Navratilova 'just couldn't breathe' on Kilimanjaro
Nairobi (Kenya): Martina Navratilova was
released from a Nairobi hospital today, three days after her
liquid-filled lungs forced her to abandon her attempt to climb
Africa`s highest mountain.
The tennis great was carried down Mount Kilimanjaro on
a litter Thursday night and Friday morning. Navratilova said
she knew by Wednesday she wouldn`t be able to summit the
19,340-foot (5,894-metre) mountain in Tanzania.
"I didn`t feel badly, I just couldn`t breathe. I
couldn`t get a full breath of air," Navratilova told reporters
shortly after being released from the hospital, where she was
treated for high-altitude pulmonary edema.
"Nothing hurt, and for an athlete that`s weird.
Nothing hurt but I (couldn`t) go on," she said.
The 54-year-old, who had a bout with breast cancer
earlier this year, reached nearly 14,800 feet (4,510 metres)
when a doctor with 27-person climbing team told her she needed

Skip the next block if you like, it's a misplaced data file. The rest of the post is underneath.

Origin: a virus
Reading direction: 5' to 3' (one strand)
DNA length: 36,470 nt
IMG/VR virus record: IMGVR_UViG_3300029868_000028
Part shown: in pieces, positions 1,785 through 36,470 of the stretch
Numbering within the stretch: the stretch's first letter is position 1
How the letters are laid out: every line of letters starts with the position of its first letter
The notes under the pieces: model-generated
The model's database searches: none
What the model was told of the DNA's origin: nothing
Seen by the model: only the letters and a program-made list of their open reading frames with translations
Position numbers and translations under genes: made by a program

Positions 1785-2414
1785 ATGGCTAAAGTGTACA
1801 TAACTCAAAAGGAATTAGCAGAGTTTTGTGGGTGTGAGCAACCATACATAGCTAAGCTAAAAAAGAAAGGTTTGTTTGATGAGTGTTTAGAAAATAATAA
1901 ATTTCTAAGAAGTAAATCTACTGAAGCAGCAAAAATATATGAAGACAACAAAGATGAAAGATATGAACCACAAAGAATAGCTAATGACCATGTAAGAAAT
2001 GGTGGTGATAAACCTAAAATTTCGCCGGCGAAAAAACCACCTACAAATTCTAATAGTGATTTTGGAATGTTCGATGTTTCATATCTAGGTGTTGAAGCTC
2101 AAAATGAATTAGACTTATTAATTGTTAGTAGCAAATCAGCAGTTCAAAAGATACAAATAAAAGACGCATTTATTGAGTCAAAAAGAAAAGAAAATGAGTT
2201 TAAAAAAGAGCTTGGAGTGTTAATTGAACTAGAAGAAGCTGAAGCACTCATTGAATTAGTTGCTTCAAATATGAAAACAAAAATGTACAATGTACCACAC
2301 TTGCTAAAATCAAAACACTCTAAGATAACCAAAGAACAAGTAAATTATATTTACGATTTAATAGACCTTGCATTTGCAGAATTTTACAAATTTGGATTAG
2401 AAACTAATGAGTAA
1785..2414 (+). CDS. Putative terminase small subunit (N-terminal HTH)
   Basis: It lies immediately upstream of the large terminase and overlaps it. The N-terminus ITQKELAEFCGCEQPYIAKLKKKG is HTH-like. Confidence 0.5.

Quitting, Navratilova said, is not in her vocabulary,
but "when the doctor said you`re going down, you`re going
She was disappointed and frustrated, but trying to
push on would have been dangerous.
The winner of 18 singles Grand Slams, Navratilova kept
a diary during her four-day climb. Her last entry read:
"`I`ve never been so utterly exhausted. Everything is
taking monumental effort, going to the bathroom, getting
dressed, setting up tent. I don`t want to ever ...` I can`t
read it. I stopped writing because I was crying, because I was
so disappointed at how I felt," Navratilova said.
She wrote the entry Thursday afternoon, a few hours
Two days before beginning the climb up Navratilova
told The Associated Press that she was in good enough shape to
get to the top but that she didn`t know if "the altitude will
get me. That`s something you can`t predict."
Once down from the mountain, Navratilova`s appetite
returned. She said she hadn`t been hungry for four days,
though at first she thought it may have been an intestinal
issue after eating bad fish today.
Kate Brewer, a press agent for the sports company
Laureus who was also on the climb, said the mountain guides
told the group that the weather was the worst they had ever
seen. Torrential rain, mist and cold plagued the group.